### Section 2.3: Calculating Limits Using the Limit Laws

Hey guys! So bear with me, I’m not sure how great this will be…

Verbally, it goes something like this:

1. The limit of a sum is the sum of the limits (Sum Law)

2. The limit of a difference is the difference of the limits (Difference Law)

3. The limit of a constant ( c ) times a function is the constant times the limit of the function (Constant Multiple Law)

4. The limit of a product is the product of the limits (Product Law)

5. The limit of a quotient is the quotient of the limits (provided that the limit of the denominator is not equal to zero) (Quotient Law)

(Ok, so that all makes sense, right? Don’t worry, because in the next section we will prove Law Numero Uno. The other proofs are in an appendix somewhere. For fun with proofs on this stuff, as well as more info on this leson, go to chapter 2 on this page)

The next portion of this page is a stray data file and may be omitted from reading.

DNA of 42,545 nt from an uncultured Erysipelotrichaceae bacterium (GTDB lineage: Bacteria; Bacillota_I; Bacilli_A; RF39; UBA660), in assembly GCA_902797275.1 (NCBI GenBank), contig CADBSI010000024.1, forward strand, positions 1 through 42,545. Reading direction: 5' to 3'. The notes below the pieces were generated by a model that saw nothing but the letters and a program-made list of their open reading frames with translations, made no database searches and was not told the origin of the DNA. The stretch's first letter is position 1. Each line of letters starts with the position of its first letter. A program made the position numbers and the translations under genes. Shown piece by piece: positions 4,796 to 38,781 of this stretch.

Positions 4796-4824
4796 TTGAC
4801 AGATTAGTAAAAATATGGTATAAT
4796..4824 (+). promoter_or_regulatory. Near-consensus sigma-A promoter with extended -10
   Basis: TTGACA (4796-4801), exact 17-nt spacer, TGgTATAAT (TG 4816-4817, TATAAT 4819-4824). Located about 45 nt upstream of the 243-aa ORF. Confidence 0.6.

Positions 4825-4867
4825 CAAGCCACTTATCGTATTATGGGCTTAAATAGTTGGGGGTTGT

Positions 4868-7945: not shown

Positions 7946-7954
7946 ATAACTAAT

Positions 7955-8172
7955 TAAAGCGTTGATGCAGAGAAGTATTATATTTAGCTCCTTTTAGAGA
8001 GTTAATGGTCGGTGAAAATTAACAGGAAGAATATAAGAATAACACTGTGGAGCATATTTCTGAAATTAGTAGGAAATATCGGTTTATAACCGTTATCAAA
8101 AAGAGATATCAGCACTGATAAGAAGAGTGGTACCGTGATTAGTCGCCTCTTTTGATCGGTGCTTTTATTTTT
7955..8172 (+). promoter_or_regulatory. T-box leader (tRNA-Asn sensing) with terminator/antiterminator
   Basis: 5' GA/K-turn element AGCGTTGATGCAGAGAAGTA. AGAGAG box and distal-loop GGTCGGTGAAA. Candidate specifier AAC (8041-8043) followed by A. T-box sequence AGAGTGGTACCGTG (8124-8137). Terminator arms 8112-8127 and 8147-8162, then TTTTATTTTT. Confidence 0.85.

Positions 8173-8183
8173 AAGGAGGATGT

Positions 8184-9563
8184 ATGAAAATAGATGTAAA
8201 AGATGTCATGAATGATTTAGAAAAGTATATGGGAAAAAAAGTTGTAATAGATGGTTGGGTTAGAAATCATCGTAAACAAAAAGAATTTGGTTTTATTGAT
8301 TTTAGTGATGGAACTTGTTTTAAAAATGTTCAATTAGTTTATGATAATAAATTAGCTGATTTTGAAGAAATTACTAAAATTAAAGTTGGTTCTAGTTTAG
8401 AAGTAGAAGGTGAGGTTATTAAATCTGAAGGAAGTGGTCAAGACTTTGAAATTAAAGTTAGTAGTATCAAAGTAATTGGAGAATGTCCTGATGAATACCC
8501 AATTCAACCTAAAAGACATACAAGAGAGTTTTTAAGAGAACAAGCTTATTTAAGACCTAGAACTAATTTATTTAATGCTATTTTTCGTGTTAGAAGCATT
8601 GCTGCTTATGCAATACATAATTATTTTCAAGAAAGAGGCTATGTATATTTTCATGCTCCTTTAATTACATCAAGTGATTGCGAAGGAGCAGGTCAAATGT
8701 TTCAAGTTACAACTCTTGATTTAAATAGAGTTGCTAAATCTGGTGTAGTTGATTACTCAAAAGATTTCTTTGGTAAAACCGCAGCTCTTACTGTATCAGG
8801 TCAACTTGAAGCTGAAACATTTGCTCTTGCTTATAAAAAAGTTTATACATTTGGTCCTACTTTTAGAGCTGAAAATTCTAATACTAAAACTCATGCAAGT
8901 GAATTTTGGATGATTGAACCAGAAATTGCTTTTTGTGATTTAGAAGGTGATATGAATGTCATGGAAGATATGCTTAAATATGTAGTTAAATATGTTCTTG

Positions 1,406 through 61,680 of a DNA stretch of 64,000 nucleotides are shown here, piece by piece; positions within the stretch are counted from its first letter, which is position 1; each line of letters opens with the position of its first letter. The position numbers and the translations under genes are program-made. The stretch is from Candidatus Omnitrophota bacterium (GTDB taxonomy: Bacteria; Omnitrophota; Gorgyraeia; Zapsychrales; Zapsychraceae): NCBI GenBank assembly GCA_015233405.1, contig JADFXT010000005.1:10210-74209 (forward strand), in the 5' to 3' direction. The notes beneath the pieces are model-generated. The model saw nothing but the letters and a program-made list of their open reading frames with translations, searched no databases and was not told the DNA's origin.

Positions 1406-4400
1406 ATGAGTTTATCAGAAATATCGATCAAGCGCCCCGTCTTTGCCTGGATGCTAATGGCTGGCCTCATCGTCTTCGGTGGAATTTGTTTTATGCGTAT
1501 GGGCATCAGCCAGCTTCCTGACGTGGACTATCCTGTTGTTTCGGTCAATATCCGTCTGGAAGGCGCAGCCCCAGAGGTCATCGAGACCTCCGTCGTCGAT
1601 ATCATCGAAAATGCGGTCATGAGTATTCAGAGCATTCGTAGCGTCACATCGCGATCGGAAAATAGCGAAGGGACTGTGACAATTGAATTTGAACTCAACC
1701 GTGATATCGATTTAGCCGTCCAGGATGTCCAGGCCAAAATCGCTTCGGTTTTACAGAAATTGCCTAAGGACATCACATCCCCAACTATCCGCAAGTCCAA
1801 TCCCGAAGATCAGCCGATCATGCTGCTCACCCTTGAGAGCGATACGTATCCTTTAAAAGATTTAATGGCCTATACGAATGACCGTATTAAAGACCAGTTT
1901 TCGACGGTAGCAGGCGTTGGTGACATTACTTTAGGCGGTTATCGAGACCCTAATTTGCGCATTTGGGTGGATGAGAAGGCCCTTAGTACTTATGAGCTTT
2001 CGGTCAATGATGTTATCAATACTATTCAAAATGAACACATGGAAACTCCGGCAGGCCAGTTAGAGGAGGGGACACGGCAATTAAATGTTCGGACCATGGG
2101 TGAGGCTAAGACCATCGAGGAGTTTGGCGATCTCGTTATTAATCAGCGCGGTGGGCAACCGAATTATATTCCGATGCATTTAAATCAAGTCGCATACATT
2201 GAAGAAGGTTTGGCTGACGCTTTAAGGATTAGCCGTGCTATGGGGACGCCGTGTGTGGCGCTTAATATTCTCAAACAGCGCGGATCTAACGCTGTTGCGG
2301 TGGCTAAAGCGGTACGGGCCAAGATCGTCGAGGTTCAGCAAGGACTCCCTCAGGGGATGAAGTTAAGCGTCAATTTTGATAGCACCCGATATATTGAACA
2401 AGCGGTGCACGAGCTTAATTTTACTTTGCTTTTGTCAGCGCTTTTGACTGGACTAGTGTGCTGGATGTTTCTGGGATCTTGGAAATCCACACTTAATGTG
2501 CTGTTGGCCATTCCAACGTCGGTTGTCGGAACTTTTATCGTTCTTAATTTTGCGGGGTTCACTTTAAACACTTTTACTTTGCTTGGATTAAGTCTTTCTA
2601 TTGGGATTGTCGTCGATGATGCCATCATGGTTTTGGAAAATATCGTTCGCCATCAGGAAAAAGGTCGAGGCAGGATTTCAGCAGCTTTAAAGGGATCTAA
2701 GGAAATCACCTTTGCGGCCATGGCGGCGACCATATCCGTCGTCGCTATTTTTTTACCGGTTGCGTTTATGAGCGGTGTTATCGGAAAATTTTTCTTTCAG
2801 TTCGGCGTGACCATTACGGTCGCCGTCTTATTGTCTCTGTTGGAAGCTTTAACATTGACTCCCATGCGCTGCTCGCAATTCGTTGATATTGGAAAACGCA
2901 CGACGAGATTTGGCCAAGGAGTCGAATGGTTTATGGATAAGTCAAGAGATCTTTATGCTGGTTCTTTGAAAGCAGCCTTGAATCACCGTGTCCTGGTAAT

But wait, there’s more!

So far, all of the limits make sense, right? It’s all pretty intuitive.

Oh man. Ok, the book tells me that that’s it for the laws. However, we are not yet done. We have miles to go before we sleep (ok, maybe not miles, just hours)

Ok, there you go! Now, before my brain shuts off entirely from exhaustion, allow me to present a sample problem.

Ta-da!

Oh, and by the by, Taylor, you're on deck...

Sorry about the huge gaps, you guys...I didn't crop it properly when I re-formatted the equations! My apologies!

## 2 Comments:

wait..does 2.3 cover the Greater Integer Function?

um...good question...dangit, I guess it does...I suppose I should update that when I get a chance...

Post a Comment

## Links to this post:

Create a Link

<< Home